This doesn’t mean, however, that there is no value at all in speaking to and learning from other investors. Quite on the contrary; I was, for many years, a huge fan of John Kingham, who writes an excellent newsletter to which I used to subscribe – I only cancelled my subscription after I felt the personal learning opportunities had dried up somewhat, but continue to follow and enjoy his work. My long-suffering fiancée knows I am a big fan of Investor’s Chronicle, which publishes both individual company research and broader economic commentary. I am also an avowed and dedicated audience-member of the aforementioned Twin Pete’s Investing podcast, which is run by two friends that are also active on Twitter and fellow bloggers to boot.
So what are the learning opportunities available. Well, firstly, by reading and speaking to fellow investors, we have the opportunity to identify new models of analysis, thoughts about products or technologies, risk management strategies and portfolio construction techniques. We can absorb their thoughts about how to look for opportunities and capitalise on them, as well as how to learn about mistakes to avoid ourselves. And we can do all of this without ever sharing a single jot of information about what is in our portfolios or encouraging others to buy into the same companies.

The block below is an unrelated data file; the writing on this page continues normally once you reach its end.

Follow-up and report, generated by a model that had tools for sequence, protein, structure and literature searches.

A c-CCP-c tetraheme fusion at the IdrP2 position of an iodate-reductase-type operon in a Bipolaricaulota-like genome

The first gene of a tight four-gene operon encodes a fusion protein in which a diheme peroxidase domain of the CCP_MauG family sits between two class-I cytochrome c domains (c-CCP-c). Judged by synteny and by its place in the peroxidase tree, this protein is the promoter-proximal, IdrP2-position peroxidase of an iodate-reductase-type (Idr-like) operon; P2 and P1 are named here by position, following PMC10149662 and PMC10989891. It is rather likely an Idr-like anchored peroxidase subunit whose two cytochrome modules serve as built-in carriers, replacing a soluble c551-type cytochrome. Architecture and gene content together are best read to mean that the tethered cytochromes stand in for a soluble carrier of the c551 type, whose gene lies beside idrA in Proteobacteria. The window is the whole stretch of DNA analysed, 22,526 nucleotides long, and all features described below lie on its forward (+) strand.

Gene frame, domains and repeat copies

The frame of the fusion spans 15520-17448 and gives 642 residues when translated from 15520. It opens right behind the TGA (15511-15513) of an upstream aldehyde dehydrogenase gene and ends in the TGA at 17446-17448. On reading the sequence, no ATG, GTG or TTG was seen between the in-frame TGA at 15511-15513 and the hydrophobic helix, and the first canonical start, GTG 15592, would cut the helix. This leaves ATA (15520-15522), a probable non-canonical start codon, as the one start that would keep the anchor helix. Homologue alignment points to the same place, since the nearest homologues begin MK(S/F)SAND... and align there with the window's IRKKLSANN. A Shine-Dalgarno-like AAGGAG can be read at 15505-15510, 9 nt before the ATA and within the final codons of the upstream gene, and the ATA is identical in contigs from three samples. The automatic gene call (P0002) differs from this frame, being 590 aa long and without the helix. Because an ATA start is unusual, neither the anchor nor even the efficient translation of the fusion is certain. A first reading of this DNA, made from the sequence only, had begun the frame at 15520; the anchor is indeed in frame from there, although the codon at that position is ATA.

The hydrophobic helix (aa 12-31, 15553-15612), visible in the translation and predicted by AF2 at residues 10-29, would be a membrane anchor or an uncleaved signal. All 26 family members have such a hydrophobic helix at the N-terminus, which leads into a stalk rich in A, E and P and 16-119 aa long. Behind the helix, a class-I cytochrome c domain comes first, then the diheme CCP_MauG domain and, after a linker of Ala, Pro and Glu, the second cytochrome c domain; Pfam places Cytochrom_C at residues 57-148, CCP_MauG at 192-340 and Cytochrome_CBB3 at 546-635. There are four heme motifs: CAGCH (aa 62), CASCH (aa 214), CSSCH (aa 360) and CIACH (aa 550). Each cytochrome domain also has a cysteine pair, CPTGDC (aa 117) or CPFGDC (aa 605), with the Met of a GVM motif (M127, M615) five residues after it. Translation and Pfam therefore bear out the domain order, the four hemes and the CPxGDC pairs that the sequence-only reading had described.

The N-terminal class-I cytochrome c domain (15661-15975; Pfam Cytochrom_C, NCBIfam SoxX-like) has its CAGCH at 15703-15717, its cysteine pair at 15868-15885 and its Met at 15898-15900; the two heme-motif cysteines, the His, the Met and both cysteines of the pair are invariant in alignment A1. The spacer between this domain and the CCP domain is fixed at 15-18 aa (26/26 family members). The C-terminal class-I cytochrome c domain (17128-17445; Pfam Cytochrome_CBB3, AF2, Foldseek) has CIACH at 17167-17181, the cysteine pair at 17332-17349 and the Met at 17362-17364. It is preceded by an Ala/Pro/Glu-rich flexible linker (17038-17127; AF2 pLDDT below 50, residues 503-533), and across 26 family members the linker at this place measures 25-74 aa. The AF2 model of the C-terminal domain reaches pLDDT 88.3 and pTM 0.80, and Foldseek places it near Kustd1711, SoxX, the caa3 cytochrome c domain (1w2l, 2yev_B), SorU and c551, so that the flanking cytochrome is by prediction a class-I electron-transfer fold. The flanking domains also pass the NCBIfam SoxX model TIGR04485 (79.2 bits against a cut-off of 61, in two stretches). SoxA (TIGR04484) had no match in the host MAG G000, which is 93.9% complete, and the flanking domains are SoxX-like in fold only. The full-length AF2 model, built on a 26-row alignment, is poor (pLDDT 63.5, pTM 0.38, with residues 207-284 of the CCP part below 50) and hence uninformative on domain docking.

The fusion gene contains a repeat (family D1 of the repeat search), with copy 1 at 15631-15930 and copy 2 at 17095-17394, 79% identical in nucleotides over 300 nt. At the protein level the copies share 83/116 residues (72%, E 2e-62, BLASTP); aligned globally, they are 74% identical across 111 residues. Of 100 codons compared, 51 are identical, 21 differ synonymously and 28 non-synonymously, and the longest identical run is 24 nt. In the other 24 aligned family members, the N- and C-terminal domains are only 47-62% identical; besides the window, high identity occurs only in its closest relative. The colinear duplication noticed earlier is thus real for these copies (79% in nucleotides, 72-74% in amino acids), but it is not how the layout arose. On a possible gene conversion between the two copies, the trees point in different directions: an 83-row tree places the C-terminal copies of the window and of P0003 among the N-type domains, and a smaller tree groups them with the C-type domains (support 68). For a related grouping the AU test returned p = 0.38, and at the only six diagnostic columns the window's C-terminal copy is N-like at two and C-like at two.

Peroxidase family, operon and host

This brings me onto my next thought, which is that another reason so many people are allured by the idea of copying other people’s trades is that they don’t feel confident enough in generating and executing trades in their own investment ideas. Perhaps they feel that they are not intelligent enough to generate ideas that are as good as someone else, or they have lost confidence after a number of trades went against them, or perhaps they don’t know how to start generating ideas in the first place.
Whatever the reason, these individuals now look to others to provide the ideas and execution strategy that will make them a success; they’re almost buying into an actively managed fund but without the protection of a recognised financial institution to guard against foolish investments or outright fraud.
In writing this blog, I realised I have perhaps missed quite a fundamental part of investing; idea generation. I have begun publishing a watchlist and I’ve written a number of articles about analysing balance sheets but I don’t think I’ve covered idea generation from the absolute starting point of having some money and no idea where to put it. As such, I’m going to dedicate the next article (perhaps the next few) to idea generation from the very earliest stages. How I approached it, what I wish I’d done differently, and how I’d do it today.